Tánaiste says cost of living measures cannot continue 'forever' as excise duties reinstated

ireland
Tánaiste Says Cost Of Living Measures Cannot Continue 'Forever' As Excise Duties Reinstated
Mr Martin denied that this was an unfair measure. Core inflation was coming down as he’d been told during a briefing with the Department of Finance this week, he said.
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Vivienne Clarke

Supports that were introduced to address cost of living measures cannot be kept “forever” the Tánaiste Micheál Martin has said as cuts to Government excise charges begin to reverse from midnight tonight.

“We've extended those cuts on two occasions already, and this is the first phase of the phasing out of those cuts that we brought in at the height of the cuts,” he told RTÉ radio’s News at One.

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“The overall prices around diesel and petrol have come down somewhat over the last 12 months, but I think we do need to move into a different phase of dealing with cost of living issues, and we do acknowledge that there are still cost of living issues and indeed some of the measures will still be there in respect of child benefit, for example, in respect of education costs and we'll be reducing them significantly, such as the provision of free primary books.

Mr Martin denied that this was an unfair measure. Core inflation was coming down as he’d been told during a briefing with the Department of Finance this week, he said.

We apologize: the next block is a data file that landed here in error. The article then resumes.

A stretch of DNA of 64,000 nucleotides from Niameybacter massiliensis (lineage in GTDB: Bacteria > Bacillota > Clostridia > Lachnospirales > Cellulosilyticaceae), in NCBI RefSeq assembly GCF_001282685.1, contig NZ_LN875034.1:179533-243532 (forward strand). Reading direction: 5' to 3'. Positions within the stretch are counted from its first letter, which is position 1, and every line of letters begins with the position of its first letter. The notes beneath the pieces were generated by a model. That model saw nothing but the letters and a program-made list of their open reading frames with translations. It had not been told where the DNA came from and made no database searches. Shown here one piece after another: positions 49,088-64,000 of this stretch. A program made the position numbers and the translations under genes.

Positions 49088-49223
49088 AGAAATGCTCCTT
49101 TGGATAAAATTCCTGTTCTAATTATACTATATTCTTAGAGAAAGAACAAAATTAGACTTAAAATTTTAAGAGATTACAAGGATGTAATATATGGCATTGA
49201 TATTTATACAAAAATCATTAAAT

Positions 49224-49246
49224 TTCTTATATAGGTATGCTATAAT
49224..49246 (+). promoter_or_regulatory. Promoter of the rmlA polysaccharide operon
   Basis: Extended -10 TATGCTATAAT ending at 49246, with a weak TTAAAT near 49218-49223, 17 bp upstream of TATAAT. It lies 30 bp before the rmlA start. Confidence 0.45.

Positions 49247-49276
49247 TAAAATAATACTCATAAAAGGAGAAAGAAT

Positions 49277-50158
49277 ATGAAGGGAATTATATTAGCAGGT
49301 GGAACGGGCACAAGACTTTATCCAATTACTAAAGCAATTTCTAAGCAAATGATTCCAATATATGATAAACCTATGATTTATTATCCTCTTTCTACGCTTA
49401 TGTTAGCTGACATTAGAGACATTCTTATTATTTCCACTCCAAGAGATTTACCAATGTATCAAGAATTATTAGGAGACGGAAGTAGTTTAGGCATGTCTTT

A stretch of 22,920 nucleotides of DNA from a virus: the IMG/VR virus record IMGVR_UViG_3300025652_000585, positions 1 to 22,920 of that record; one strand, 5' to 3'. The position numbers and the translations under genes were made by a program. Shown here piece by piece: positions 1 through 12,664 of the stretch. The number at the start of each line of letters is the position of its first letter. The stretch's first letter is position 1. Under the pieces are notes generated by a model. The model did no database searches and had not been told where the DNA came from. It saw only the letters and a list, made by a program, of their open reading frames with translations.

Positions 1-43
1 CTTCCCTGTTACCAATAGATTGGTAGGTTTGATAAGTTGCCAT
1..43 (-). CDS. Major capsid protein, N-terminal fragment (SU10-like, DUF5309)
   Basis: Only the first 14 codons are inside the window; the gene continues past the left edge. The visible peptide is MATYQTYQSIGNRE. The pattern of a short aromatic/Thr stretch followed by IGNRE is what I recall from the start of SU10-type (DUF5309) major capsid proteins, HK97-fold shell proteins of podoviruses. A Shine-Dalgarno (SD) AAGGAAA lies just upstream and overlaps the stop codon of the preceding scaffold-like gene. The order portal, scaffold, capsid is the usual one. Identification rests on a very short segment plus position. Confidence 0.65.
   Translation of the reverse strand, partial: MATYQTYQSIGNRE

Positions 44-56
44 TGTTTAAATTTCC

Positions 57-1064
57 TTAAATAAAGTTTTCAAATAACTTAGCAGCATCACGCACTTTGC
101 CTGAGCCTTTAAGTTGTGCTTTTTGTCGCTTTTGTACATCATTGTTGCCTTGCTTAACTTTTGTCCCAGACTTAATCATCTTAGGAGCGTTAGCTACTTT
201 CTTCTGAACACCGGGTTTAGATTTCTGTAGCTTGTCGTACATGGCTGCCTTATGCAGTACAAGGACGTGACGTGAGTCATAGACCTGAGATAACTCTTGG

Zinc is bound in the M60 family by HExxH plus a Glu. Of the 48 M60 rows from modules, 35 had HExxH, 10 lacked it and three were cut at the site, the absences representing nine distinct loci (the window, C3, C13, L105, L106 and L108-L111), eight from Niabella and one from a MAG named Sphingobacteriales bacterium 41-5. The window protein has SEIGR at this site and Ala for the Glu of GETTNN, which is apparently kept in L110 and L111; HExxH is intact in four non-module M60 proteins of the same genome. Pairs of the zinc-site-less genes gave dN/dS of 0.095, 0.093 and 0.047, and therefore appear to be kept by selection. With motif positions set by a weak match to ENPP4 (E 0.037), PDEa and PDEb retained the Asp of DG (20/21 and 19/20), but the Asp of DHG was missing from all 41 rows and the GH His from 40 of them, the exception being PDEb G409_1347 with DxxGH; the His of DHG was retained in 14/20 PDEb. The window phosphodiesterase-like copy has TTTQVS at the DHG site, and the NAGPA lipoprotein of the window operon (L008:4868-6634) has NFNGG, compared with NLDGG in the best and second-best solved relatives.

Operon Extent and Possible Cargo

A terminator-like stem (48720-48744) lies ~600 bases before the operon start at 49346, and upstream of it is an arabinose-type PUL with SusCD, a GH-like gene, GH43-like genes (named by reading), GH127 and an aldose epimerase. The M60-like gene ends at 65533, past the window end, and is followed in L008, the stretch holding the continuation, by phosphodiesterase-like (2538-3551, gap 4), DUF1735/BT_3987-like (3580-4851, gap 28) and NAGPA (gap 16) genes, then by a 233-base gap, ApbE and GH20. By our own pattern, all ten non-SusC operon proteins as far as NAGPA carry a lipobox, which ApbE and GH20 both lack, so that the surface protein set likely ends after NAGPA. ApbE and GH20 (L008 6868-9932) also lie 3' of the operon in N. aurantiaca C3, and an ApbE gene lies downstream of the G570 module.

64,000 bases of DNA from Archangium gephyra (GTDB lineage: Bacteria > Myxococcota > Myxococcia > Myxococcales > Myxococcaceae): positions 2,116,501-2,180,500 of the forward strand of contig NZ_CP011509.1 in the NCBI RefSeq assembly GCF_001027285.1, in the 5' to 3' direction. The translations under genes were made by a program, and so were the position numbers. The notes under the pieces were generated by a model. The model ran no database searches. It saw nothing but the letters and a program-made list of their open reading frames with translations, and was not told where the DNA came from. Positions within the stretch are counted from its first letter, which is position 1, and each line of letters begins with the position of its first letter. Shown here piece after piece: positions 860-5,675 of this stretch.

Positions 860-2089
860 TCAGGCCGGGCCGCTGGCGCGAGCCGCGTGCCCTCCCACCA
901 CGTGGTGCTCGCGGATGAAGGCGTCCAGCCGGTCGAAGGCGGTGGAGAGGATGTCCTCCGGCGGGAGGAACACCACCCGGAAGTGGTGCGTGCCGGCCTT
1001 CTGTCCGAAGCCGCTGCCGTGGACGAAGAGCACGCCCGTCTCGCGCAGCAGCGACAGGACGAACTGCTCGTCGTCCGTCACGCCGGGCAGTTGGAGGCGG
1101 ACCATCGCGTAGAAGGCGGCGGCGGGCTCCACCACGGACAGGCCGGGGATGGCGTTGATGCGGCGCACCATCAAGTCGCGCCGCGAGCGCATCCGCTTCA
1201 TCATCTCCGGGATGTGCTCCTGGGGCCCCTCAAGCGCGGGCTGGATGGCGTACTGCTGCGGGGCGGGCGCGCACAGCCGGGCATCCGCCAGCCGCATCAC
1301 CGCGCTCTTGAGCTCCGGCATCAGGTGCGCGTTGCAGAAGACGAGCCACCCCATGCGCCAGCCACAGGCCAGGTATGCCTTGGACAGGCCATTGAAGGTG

“I actually think we need to allocate resources, as we've been doing consistently, to reduce the cost of public services in education and in health and in child care, which matters to families in particular.

"I think it is about how we prioritise our supports for people in the context of just the cost of living situation, which is brought about by the war in Ukraine and the broader issue of coming back after Covid and the supply chain disruptions. So there are issues there.

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“We don't want that, but I don't think we can keep the level of support in terms of the cuts to the excise duty that could not be extended forever. It was never intended that they would be there on an ongoing basis. So I do think in the preparation for this year's budget, after the summer recess, we do need to be identifying where should we target, where should we prioritise our resources.”

However, Michael Kilcoyne of the Consumers Association said that the Government had “much more cash in their coffers” than they had when the excise duty cut was imposed.

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“We have a situation where the Exchequer has billions of euro, and yet they want to take it further, In total, of almost 20 cents between the three increases.”

"The increases could cost some people, many of them on fixed incomes, up to €40 per month, he warned. It might be okay for the Tánaiste who lived in Cork and the Taoiseach who lived in Dublin where there was good public transport, but people in rural Ireland needed the car to get to the doctor, or the post office, they had no other way of travelling.

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“Many of these people, like pensioners, people with disabilities, carers and so on, are on a fixed income.” They had no alternative but to pay this “penal tax”.

“It's not right and it's not fair.”

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